Visual and Contextual Honesty
The marketplace, besides the city hall and the church, has always been the most important part of the center in the 4th district. However, from the 1970s on, the introverted late-modern market buildings and their service area occupied the public space of St. Stephen Square. The purpose of the current transformation is to give this space back to pedestrians and events by the forthcoming demolition of the obsolete buildings, while the market is renewed within up-to-date frames.
The New Market Hall is located on the western border of the square with a two-story shopping area. Loading and storage areas and an underground garage were placed below the Market Hall with connections provided by elevators. Above the Market Hall, a two-story cultural center was established, which offers spiritual nutrition besides the physical one. The transformation of the surrounding infrastructure (such as eliminating transit traffic) and the transparent building allows for the prospective outdoor public space to continue within the hall and to function with each other. This "compactness" and mixed-use thinking extends the operation of the building over time.
Openness" was a major factor in the design program both visually (with glass facades) and in a contextual way (with all-direction access), and it wants to be clearly transparent that is to say "honest". The building exposes all its systems and functions - whether it is traffic (panoramic elevators), or a supporting structure (primarily the exposed concrete structures and secondarily steel elements). The building performs but it is also the framework for events: it is a neutral, monochrome frame of a very “colourful” market and culture. Therefore, the complex owns a unified character, subtle tones, and emphasized light conditions.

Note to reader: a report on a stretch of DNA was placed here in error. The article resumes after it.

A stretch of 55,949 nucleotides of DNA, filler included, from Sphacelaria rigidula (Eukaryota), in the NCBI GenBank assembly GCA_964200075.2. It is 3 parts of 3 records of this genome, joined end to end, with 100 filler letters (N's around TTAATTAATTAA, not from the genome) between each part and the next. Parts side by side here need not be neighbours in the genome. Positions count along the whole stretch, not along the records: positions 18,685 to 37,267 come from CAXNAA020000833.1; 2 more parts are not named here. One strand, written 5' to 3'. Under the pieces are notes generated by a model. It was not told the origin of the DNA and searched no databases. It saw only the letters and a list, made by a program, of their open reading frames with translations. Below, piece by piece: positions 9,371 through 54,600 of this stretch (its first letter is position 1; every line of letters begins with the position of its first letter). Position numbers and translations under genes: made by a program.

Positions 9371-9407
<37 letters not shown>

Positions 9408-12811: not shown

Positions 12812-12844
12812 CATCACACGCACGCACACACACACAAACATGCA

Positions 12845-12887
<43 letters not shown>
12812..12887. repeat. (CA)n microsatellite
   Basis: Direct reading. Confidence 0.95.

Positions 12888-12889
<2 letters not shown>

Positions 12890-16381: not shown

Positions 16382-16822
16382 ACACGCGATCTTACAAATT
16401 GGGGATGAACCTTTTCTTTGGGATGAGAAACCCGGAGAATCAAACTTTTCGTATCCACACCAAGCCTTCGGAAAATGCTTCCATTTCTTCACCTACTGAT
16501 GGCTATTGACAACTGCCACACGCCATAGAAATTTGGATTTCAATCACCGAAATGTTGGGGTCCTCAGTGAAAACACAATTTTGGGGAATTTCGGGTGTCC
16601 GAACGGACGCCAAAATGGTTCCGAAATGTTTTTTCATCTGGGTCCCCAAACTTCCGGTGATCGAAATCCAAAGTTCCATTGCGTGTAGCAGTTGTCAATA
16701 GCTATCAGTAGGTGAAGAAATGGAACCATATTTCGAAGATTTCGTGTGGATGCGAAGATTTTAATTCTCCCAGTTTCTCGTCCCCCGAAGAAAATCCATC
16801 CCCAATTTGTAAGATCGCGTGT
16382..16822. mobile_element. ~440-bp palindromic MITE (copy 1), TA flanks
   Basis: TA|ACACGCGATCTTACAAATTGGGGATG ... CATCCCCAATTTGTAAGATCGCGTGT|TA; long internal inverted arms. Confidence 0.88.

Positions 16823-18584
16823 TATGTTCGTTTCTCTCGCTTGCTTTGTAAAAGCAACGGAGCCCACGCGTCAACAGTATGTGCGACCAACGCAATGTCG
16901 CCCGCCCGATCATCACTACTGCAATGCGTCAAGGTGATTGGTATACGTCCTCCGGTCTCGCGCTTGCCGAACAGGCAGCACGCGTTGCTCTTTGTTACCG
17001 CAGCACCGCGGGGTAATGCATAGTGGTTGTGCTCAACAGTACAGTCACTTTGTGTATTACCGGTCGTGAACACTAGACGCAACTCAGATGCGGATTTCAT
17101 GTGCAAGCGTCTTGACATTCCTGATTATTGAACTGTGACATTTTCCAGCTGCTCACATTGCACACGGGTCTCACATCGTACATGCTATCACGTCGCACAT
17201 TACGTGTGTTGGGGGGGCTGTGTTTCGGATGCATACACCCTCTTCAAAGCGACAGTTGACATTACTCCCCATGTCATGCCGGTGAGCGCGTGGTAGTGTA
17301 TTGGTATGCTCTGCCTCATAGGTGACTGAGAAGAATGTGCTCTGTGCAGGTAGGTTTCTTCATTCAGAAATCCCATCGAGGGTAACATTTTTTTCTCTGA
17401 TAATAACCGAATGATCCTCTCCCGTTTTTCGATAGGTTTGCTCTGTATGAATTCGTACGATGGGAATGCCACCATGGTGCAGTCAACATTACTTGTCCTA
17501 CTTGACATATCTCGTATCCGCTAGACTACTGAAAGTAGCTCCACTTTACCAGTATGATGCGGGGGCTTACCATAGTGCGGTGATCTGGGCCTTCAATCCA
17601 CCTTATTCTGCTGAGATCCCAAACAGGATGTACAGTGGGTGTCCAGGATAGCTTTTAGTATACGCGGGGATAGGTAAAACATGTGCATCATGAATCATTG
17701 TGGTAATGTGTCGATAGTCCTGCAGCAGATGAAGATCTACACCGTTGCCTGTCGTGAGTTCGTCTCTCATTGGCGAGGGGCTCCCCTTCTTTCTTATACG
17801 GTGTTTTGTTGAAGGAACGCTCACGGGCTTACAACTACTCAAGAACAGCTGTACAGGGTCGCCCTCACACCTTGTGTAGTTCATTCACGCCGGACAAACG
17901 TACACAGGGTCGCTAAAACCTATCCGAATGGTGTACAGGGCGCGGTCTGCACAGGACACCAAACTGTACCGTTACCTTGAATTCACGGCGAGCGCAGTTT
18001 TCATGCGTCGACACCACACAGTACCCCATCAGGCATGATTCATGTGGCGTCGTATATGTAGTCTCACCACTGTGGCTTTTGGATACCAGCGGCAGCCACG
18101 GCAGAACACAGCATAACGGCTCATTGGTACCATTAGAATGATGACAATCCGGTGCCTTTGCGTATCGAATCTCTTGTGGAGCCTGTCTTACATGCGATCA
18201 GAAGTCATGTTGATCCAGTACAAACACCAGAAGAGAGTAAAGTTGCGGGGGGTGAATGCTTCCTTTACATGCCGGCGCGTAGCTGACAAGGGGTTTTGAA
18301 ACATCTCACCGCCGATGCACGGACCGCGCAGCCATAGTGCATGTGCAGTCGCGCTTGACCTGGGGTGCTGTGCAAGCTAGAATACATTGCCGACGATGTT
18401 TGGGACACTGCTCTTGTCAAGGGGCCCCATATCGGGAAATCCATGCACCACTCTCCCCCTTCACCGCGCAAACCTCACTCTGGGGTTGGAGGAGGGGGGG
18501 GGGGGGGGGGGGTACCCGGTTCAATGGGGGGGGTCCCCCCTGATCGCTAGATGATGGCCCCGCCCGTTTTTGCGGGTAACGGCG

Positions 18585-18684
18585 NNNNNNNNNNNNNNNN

The "background house", from a distance, acts as the living scenery of the St. Stephen Square during day and night. Showing the operation of the building is also desirable because the upper levels have to be attractive to counteract their obvious disadvantageous position. Therefore, in addition to programmatic considerations, a visually accentuated lobby with high ceilings was placed in front of the soon to be renovated square. Later on, a promenade with green areas on the first floor and a rooftop garden on the top of the market hall will be connected to the lobby.
The interconnecting triplet of these spaces, with a uniform, built and natural appearance will become public which is a key element of the “open house” concept. The consistency of program, structure, and appearance can be found in the exposed concrete support structures, in the corresponding fiber-cement elevation cladding, in the natural aluminum structures and surfaces, and in the independent, floating, closed, glittering white cube of the cultural centre.
In the latter space, wooden wall panels, wall-to-wall carpets, acoustic suspended ceilings "soften" the strict and lean system, while the multifunctional grand hall provides a black-box frame for events. The concrete itself is a feature element. The rigor of the main structural grid is dynamized by the diagonal patterned lattice of the ceiling, which can be perceived even from outside. The scale of the building fits in the surrounding enclosed small-town block structure and height. Living in symbiosis with the context, the cooling-heating system uses waste heat recovered from urban wastewater, the shading system of the exterior light and the control of the LED lighting are automatically synchronized, and greywater is utilized by the building.